Well, you could change its name to One Ton Transport if you were so inclined, because the VLC has put on weight. The production version will tip the scales at around 1,200 pounds according to the car’s producer, Edison2, of Lynchburg, Virginia.
Look past the extra heft, and something else has changed. You might recall that the VLC surprisingly featured an internal combustion engine – an eye opener in a world that seems focused on electric motors as the path to automotive energy efficiency and CO2 reduction.
Well, guess what? Edison2 now has an electric version of the VLC, called, of course, the eVLC (pictured above, right and below). And eVLC will weigh yet a little bit more than the internal combustion version.
“We expect an 1100- or 1200-pound production car, a bit more if electric,” Edison2 spokesperson David Brown told me in a lively email exchange yesterday. The current fiberglass test electric model weighs 1,031 pounds, but a production version, made from different materials, would exceed that, he said.
The main reason for extra pounds on the electric version is the battery.
“Batteries are heavy. The energy contained in 6 pounds of gasoline (1 gallon) takes 300 – 500 pounds of batteries to store. So an electric version of our car will be heavier than an ICE (internal combustion engine),” Brown said.
Although the VLC has put on a few pounds, the car’s “supremely aerodynamic” design supports commendable mileage performance, as the car has recorded the “the lowest coefficient of drag ever seen for a 4-seat vehicle at the GM Aero Lab,” Brown said. “Our VLC with a 10 kWh battery can go further than a Nissan Leaf with a 24 kWh battery.”
It’s not clear whether the internal combustion version still tops 100 mpg. But Consumer Reports has calculated that the electric version gets the equivalent of 310 miles per gallon, based on preliminary data from Edison2’s testing.
It will still be “several” years before any version of the VLC is ready for the market, Brown said. The company is experimenting with different fuel sources. Last year’s internal combustion (ICE) model ran on 85 percent ethanol (E85).
Edison2 has also tinkered by putting an engine from Daimler’s Smart car under the hood. It expects to have built a fourth prototype by the spring that “may be electric, hybrid, gasoline, E85 or diesel,” Brown said, although he noted Edison2 “is not likely” to continue with E85. “Likely we will make versions with different power sources.” The varied fuel approach echoes comments yesterday by .
The VLC gained weight because Edison2 has changed some materials.
“For the , we used a carbon fiber body, simply because when you are making only a few of something choices are limited," Brown said. "The eVLC has a fiberglass body, which is similar in weight to aluminum. We are committed to keeping this car affordable by using non-exotic body materials: aluminum, composites and plastic. The chassis and some structural components are steel, the rest mostly aluminum."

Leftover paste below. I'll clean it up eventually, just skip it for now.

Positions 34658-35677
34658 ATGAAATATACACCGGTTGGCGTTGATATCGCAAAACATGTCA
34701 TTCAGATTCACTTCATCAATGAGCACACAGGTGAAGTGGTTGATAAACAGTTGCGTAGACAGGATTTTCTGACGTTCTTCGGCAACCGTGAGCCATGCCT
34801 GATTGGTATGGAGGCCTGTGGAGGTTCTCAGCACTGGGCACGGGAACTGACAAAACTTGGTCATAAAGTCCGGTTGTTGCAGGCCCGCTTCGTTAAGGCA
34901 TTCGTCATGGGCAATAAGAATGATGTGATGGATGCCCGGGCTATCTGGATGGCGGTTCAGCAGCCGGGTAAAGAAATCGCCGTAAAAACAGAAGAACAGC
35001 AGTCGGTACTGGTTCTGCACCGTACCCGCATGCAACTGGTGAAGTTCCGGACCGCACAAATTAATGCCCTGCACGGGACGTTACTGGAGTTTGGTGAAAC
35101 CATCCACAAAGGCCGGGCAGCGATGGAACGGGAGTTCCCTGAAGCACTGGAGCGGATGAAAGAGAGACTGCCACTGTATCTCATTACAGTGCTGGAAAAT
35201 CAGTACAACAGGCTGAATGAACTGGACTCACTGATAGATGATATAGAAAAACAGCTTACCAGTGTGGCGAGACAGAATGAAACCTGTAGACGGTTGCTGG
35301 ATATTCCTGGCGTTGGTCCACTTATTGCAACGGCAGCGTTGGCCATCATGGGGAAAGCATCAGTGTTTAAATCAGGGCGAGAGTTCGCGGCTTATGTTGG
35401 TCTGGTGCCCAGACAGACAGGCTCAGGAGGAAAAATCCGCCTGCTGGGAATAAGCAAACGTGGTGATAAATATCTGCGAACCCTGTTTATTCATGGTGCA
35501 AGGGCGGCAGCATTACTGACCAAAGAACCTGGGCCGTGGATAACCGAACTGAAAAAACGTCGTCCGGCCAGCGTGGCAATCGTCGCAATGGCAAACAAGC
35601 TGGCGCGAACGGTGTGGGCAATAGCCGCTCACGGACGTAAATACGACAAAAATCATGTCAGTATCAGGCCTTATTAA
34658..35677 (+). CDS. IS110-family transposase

At 1,200 pounds, jealous rivals might bandy the One Ton moniker, but I’ll stick with Very Light Car. I ran a cursory Internet check to identify the world’s lightest vehicles. It looks like the VLC easily beats them all. The website ecomodder claims that the Smart Fortwo Coupe out-thinned all other N. American cars last year at around 1,830 pounds, much heavier than VLC's 1,200-pound prototype. That was followed by the Lotus Elise at 1,984 pounds, Lotus Exige’s 2,077, Mazda2’s 2,306 and Toyota Yaris Hatch/Sedan’s 2,313. The Tesla Roadster weighed in at 2,729 pounds, which made the list’s “honorable mention” but not its top 10.
To compare the VLC to concept cars that have grabbed the spotlight recently, weighs 1,058 pounds, and single-seater weighs 1,014 pounds. That makes Audi and VW lighter than VLC, but the two German vehicles accommodate fewer passengers.
The 50 percent weight gain at Edison2 reaffirms that a concept car is, as the name says, a concept subject to change.
What matters in the end, more than the heft, is the performance. If someone built a cement car that achieved 300 mpg, that might be a good thing - especially if the CO2-belching cement industry were to shift to carbon-light production methods (I’ll blog on that another time).
As the song says, it ain’t the meat, it’s the motion.
This post was originally published on Smartplanet.com